Mixed grades as inspectors visit classrooms
THREE of the borough's secondary schools have been given a mixed bag of reports from independent education inspectors
THREE of the borough's secondary schools have been given a mixed bag of reports from independent education inspectors.
Ofsted officials paid a visit to William Ellis, Parliament Hill and Acland Burghley secondaries in March to check on performance.
There was good news for Parliament Hill on Highgate Road, which was rated as a good school - the second highest rating possible.
You may also want to watch:
Acland Burghley scored as satisfactory but staff might consider themselves hard done by as inspectors judged many elements as good.
William Ellis, also on Highgate Road, had the toughest time as it too was rated satisfactory but inspectors declared it was not providing value for money.
- 1 'Family unit': 28 Church Row wins readers' favourite restaurant
- 2 Haringey Green Lanes flat fire sees 40 firefighters tackle blaze
- 3 O2 Centre redevelopment: Decision draws on Camden planning guidance
- 4 Crouch End salesman who nursed mum runs marathon for Diabetes UK
- 5 'Lobster-like creature' pulled from Hampstead Heath ladies' pond
- 6 Explore 8 of north London's prettiest streets
- 7 For sale: Suggs' former 'bachelor pad' with gold-gilded underground bar
- 8 Met Office issues yellow warning for heavy showers in London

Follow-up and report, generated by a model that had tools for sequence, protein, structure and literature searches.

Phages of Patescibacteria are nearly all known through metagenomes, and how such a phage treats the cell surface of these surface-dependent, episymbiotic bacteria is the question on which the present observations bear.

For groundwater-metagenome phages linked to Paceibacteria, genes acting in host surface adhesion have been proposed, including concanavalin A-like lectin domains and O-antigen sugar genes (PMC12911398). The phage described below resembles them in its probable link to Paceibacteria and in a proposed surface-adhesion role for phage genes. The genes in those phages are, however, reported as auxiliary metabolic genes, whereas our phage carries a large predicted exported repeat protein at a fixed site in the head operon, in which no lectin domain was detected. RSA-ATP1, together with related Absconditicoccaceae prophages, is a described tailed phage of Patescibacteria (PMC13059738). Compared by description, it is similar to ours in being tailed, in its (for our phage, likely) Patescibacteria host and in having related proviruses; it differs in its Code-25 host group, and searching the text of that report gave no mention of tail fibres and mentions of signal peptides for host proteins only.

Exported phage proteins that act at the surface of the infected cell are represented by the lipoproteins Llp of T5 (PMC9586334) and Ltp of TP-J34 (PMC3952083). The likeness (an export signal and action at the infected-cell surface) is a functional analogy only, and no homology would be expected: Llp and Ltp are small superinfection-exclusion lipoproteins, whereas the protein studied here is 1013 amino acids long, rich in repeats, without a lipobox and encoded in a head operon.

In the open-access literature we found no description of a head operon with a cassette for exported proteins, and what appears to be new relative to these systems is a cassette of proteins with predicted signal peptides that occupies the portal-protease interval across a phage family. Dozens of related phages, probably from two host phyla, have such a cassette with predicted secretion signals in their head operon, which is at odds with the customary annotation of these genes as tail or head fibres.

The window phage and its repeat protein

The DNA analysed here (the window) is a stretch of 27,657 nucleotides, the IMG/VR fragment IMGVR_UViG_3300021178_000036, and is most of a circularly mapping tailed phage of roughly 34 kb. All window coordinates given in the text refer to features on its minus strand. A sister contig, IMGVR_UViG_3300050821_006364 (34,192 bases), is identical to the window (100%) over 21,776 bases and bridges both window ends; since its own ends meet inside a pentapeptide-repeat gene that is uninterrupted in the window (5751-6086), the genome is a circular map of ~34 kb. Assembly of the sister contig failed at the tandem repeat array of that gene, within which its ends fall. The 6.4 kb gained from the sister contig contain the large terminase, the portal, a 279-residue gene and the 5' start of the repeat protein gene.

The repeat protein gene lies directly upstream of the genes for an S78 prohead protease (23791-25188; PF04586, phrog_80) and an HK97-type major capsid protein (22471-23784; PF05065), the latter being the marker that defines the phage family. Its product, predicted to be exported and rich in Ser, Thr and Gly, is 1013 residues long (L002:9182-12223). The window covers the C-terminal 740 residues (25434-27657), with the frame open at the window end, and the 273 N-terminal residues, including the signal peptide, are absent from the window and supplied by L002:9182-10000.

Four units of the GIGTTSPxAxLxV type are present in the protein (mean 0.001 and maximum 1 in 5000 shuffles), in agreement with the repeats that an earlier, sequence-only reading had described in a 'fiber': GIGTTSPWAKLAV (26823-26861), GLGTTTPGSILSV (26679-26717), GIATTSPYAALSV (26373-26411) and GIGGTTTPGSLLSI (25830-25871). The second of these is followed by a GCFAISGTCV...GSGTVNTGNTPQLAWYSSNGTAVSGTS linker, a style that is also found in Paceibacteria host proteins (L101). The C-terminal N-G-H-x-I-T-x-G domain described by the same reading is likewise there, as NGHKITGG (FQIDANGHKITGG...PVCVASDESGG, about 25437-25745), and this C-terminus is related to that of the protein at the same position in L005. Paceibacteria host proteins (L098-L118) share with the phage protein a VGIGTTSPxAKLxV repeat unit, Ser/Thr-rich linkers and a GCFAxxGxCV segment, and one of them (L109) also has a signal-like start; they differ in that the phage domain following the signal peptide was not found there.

- 9 Anger as second audit into £23m 'Mary Celeste' office block is delayed
- 10 Free festival to take over the streets of Camden
But there was good news for the school which has been through turmoil recently.
A budget blunder by a former bursar left it half a million pounds in debt and this was followed by the resignation of headteacher Richard Tanton in January.
Inspectors now believe there is a good team in place behind acting head Malcolm Rose, which can pull William Ellis back up to the high standards it sets for itself.
"The acting headteacher has the confidence of parents and staff and is supported by a senior team with an appropriate range of expertise," said the report.
"There is also an experienced team of middle leaders and, together, the leadership team is better placed to take the school forward."
Inspectors were complimentary about many aspects of the school, including its commitment to ensuring racial harmony, the promotion of healthy lifestyles and its wide range of trips and cross curricular ventures.
But officials also demanded improvements from teachers in managing poor behaviour, setting higher challenges for students, and strengthening the evaluation and monitoring of pupils.
Vernon King, chairman of governors, said: "I am greatly encouraged by the report and its acknowledgement of the work undertaken by the school to address recent challenges.
"I am confident that with all the measures taken by the school and governors to address these challenges, the school will flourish as a beacon for boys education in Camden."
There were some positive words for teachers at Tufnell Park's Acland Burghley school, where inspectors were impressed by the positive relationships with pupils.
Commenting on the overall performance of the school, the report said: "Acland Burghley is a school with many good features where students receive a satisfactory education.
"The overall effectiveness of the sixth form is good. The school enjoys the support of parents, who reported how pleased they were with the quality of education and support their children receive."
Only the school's test results for 14-year-olds, which were average, prevented Acland Burgh-ley from gaining a good rating.